Cell culture and transfections.
Primary culture of CGNs was prepared from the cerebellar cortex of P9 mice as described previously (Hatten, 1985; Ertürk et al., 2007). Briefly, CGNs were dissociated using a trypsin (10 mg/ml)/DNase (1 mg/ml) mix and triturated to remove cellular aggregates. The granule cells were plated at densities of 300–500 cells/mm2 in 6 cm tissue culture dishes containing poly-l-lysine (1 mg/ml; Sigma-Aldrich)-coated glass coverslips and Neurobasal medium (Invitrogen) supplemented with 2% B27 (Invitrogen), 2 mm glutamine (Invitrogen), and 1% penicillin–streptomycin (Invitrogen). Transfections were performed using Amaxa Nucleofector (2 × 106 cells in 100 μl cell suspension with 5 μg of DNA; Amaxa Biosystems). Various expression constructs or control plasmids were mixed with pEYFP-C1 as a transfection marker at a ratio of 4:1. Cells were analyzed 3 d after transfection.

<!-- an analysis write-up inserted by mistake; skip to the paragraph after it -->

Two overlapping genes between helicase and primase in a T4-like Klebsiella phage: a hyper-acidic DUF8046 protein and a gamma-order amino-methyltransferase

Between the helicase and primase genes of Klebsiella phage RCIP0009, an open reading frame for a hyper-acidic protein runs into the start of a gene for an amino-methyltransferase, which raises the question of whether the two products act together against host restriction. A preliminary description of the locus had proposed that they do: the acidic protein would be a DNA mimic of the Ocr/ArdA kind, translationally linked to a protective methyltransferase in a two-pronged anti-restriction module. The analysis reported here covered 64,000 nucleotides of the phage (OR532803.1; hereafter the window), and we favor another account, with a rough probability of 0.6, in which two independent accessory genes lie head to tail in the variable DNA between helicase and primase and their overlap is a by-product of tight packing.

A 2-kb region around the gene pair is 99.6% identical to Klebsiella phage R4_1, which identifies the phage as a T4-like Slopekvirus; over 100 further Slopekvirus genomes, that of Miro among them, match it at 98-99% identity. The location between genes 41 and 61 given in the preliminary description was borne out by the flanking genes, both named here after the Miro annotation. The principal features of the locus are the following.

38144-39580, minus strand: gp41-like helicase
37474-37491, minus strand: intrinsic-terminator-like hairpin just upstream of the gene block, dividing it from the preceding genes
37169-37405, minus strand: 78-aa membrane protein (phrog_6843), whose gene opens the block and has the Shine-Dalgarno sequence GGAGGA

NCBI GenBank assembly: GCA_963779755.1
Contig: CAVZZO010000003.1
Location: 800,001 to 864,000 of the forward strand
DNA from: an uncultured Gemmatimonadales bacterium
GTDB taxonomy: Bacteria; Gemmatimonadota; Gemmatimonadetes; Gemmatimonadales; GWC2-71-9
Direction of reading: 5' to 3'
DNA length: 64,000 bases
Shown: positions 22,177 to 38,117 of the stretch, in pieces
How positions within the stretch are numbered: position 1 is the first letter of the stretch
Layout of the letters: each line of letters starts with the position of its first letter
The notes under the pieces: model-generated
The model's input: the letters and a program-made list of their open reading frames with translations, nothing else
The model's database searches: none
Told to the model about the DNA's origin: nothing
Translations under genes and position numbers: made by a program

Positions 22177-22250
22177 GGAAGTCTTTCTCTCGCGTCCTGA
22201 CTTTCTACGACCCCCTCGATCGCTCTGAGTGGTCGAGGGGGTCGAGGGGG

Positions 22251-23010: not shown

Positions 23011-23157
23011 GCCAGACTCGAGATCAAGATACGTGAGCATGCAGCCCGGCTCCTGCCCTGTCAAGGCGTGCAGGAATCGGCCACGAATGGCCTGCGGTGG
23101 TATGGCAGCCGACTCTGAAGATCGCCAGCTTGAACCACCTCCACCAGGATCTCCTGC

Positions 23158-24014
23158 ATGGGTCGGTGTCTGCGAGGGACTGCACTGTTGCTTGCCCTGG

For the RNA interference (RNAi) experiments, Nap1 short hairpin RNA (shRNA) and control vector were kindly provided by Dr. Eva Anton (University of North Carolina School of Medicine, Chapel Hill, NC) (Yokota et al., 2007). To perform RNAi experiments, CGNs were transfected with 2 μg of the Nap1 shRNA or control vector and plated into uncoated dishes to avoid cell attachment and differentiation. Twenty-four hours after plating, the cells were transferred into dishes containing coated glass coverslips and cultured as described above. Cells were analyzed after 2 d in vitro (DIV).
B16-F1 mouse melanoma cells were cultured as described previously (Steffen et al., 2004). Transfections were performed using Superfect (QIAGEN). Transfected cells were plated onto laminin (Sigma-Aldrich)-coated coverslips and fixed after 5 h.